OSM Map On Garmin/IMG File Format

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OSM Map On Garmin

A reverse-engineering of Garmin's IMG file format

The IMG file contains all the info needed to render a map on a Garmin GPS unit, and may support autorouting information for those GPS units that offer navigation (i.e in-car GPS routers and some types of devices intended for hikers).

The .img file is basically a hard-disk image (complete with partition table) containing a filesystem which itself contains subfiles that provide the functionality for the Garmin GPS unit. The filesystem seems to be 'flat': that is, it doesn't directly support the concept of subdirectories, however the .GMP subfiles do provide a kind-of subdirectory structure. See below for more on that.

Here is source code for a simple Linux/Unix command-line program to take an .IMG file and to create a directory of files corresponding to its contents. It would be simple to modify this to run on DOS/Windows... help yourselves!

The IMG Header

Byte Offset Length (bytes) Description
0x00 1 If non-zero, every byte of the entire .img file is to be XORed with this value
0x01 7  ??? All zeroes
0x08 1 Map's version major
0x09 1 Map's version minor
0x0A 1 Map's month
0x0B 1 Map's year
0x0C 2  ??? All zeroes
0x0E 1 Mapsource flag, 1 - file created by Mapsource, 0 - Garmin map visible in Basecamp and Homeport
0x0F 1 Checksum, sum of all bytes modulo 256 should be 0
0x10 7 Signature: DSKIMG 0x00 or DSDIMG 0x00 for demo map
... See [1]
0x40 1 Physical block number of FAT header

The Filestore

A simple 'flat' filestore based on File Allocation Tables (FATs) though there is no serious resemblance between the format of a FAT used here and the more (in)famous FAT used in Microsoft's DOS and early Windows filestores.

The File Allocation Table starts with a header at the physical block number as defined in the IMG file header at address 0x040. The first FAT is found in the next physical block after this FAT header. The size of a physical block is always 0x200 (= 512 bytes). Thus, if the physical block number is 2 then the FAT header is at 2 * 0x200 = 0x400, hence, the next physical block is at 0x600 which contains the first FAT.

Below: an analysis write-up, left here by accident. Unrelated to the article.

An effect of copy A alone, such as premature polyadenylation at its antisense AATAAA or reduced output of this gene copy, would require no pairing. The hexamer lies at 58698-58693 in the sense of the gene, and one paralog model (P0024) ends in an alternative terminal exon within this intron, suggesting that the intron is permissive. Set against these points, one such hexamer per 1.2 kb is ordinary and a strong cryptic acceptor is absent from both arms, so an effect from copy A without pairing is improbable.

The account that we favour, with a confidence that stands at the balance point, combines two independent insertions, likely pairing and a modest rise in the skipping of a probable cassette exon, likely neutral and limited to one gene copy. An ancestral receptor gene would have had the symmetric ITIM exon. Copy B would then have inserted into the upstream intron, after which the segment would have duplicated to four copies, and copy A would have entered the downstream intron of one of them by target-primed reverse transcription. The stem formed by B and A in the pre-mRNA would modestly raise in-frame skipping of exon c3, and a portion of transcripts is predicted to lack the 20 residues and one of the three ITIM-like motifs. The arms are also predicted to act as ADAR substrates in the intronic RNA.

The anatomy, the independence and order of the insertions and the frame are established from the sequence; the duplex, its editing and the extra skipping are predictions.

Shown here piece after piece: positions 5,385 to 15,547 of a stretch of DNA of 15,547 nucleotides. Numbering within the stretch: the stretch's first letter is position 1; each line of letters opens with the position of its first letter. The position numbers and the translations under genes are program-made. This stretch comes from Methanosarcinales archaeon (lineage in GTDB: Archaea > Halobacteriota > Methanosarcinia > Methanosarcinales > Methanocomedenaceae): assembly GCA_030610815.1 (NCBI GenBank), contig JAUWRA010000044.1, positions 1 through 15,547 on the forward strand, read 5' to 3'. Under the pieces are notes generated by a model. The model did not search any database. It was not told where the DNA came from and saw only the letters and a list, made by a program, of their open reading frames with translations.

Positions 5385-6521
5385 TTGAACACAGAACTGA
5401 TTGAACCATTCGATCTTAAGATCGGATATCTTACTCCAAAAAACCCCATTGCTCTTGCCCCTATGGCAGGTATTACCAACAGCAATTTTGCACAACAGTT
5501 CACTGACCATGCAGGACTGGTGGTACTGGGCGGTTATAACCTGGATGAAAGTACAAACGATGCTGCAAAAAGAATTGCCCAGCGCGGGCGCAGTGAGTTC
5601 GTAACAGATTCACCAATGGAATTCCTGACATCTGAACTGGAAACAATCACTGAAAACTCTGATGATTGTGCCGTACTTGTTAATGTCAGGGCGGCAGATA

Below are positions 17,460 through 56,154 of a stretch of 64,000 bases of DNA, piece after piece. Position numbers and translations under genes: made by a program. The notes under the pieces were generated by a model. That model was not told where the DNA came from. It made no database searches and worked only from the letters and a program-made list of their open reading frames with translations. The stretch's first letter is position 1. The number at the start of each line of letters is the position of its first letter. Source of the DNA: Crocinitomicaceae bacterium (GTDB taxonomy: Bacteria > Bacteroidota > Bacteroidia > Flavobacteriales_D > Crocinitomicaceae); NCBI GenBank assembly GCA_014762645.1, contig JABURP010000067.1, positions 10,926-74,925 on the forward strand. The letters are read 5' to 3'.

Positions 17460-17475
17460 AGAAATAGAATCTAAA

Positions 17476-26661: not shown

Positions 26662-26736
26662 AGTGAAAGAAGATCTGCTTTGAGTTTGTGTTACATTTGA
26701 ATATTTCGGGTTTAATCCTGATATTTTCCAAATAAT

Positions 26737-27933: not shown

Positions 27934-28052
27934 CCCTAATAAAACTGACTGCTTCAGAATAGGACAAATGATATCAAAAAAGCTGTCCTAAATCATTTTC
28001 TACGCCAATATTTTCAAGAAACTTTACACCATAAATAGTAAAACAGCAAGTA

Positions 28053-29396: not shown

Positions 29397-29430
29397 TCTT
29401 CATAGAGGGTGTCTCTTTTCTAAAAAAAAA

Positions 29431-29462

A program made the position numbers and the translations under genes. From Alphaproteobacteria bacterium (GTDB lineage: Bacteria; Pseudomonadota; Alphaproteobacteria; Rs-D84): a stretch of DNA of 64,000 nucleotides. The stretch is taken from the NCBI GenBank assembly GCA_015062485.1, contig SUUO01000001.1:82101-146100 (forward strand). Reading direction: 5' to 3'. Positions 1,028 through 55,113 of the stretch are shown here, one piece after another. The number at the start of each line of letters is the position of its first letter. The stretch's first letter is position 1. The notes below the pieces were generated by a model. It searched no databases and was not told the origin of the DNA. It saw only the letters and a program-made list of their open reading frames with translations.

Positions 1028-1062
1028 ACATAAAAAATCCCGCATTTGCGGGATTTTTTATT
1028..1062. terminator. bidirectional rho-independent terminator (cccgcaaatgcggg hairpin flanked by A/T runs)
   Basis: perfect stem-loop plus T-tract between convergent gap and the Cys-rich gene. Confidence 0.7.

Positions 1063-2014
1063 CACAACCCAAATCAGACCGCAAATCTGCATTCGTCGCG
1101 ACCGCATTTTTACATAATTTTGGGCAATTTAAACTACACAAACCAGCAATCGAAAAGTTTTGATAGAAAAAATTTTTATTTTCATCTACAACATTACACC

00000600   01 30 30 30 31 30 30 30 30 52 47 4E 45 E8 2B 00   .00010000RGNE.+. (first entry)
00000800   01 30 30 30 31 30 30 30 30 52 47 4E 00 00 00 00   .00010000RGN.... (second entry)
00007400   01 30 30 30 31 30 30 30 30 4E 4F 44 00 00 00 00   .00010000NOD.... (last entry)
00007600   00 00 00 00 00 00 00 00 00 00 00 00 00 00 00 00   ................ (end of FAT)

The Subfiles

Each subfile has its own page, but as a quick reference the known subfiles are:

The TRE Subfile

Information of this subfile can be found here.

The NOD Subfile

This contains the routing information, unused by those GPS units that don't offer routing. Fill in here ..

The MDR Subfile

This contains the searchable address table used for finding routing destinations. See here for details.

The SRT Subfile

This is a fairly short file, containing a lookup table that categorises the characters in the map's codepage, and defines their collating sequence. Details are here ..

The GMP Subfile

This appears to represent a subtile of the larger area covered by the .IMG file. Its filename is of the form IXXXXXXX.GMP (where the 'X' characters are uppercase hexadecimal digits). Inside the .GMP file is a copyright message and the contents of a .TRE file, an .RGN file, an .LBL file, a .NET file and a .NOD file corresponding to that subtile. See here for details.

The DEM Subfile

The DEM (Digital Elevation Model) subfile contains elevation data used by Mapsource (shading, height profiles of routes) and Basecamp (3D view, height profiles of routes). Unfortunately, it seems that not much information is available right now. GMapTool can create "empty" DEM files and can also be used to extract DEM subfiles from IMG files with DEM information. See here for some preliminary results.